On Tuesday evening the Yoknapatawpha Arts Council hosted the monthly Oxford Art Crawl, featuring art exhibits at six different locations around Oxford.
At the University of Mississippi Museum, the “Mississippi Women” exhibit was a highlight for attendees. The exhibit highlighted works from 15 female Mississippi artists of the 20th century.
“BIRDS” was featured at Southside Gallery on the Square during the art crawl. This exhibit has been on display since Jan. 28 and will be closing Feb. 29.
Event-goer Caleb Whittington said he came to the art crawl because it presents an opportunity to see more of the city, as well as a different side of it.
“I think these types of events are a good way to actually get people involved and walking around, not just to go to stores, and I think that’s really good for the community,” Whittington said.
Brooke P. Alexander, a visiting assistant professor of foundations in the university’s art department, was featured at Southside’s gallery. Her piece, “A Wake,” is currently on display, as have been many of her works in the past.
Adrienne Brown-David’s “Fly” is also displayed on a gallery wall. Brown-David is an Oxford resident, and her work has been on display in various locations around Oxford before.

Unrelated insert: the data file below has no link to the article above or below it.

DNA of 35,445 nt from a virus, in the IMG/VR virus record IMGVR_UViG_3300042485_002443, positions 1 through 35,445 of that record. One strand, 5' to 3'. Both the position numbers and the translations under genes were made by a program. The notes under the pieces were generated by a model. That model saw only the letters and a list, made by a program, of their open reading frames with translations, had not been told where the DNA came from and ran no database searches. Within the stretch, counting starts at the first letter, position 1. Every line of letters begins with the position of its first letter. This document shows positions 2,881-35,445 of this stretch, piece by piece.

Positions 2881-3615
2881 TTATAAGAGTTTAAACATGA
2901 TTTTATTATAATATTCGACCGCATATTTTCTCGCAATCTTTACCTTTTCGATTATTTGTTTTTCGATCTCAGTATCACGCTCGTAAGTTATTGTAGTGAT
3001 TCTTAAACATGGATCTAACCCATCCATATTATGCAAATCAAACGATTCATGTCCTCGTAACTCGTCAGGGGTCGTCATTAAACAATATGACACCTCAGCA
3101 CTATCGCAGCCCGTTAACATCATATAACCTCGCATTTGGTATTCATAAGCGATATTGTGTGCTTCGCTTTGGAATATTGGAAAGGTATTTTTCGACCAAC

On display at the Powerhouse, as a contributor to the SmART Show exhibit, was Alba Rocio Harrelson’s various acrylic dyads. As a career biologist, Harrelson described biology as her work and art as her love.
“As a biologist, my artwork is definitely inspired by nature and the natural world, but also (by) the world around me, like the laboratories I spend so much time in,” Harrelson said.
At the center of Harrelson’s pieces is the idea of space and spatial awareness.
“(Audiences can) create their own interpretations of what the pieces mean and how they interact with each other,” Harrelson said.
Harrelson also explained her sometimes deliberate choice of connecting the space between two images. She spoke about an acrylic dyad of two birds called “Twilight Twittering.”
“(The birds) can be in line with each other on the tree, facing away from each other and arguing or facing each other in conversation,” Harrelson said.
Olivia Whittington, Kirstie Manning and Debbie Myers are among other artists also featured at the Powerhouse SmART Show.
“This is the easiest way to go see Jan Murray’s show and not have to park on Thursday night at the opening,” attendee Maggie Wetters said.
Jan Murray, associate dean of liberal arts and professor of art, featured the exhibit “Lost + Found” at Gallery 130 in Meek Hall. Murray has worked on her prints for seven years, and the exhibit will be officially open to the public on Feb. 27.
Wetters also mentioned the potential benefits events like the art crawl have on the Oxford community.
“I wish more people were involved in it and it would be advertised around town more, but that’s a challenge in itself,” said Wetters. “It is wonderful to see what each place has to offer. It is a really nice, varied experience.”
The art crawl is open to the community and occurs every third Tuesday of the month. Transportation is provided by the Double Decker bus between various exhibits around Oxford. Food and beverages are provided at each venue.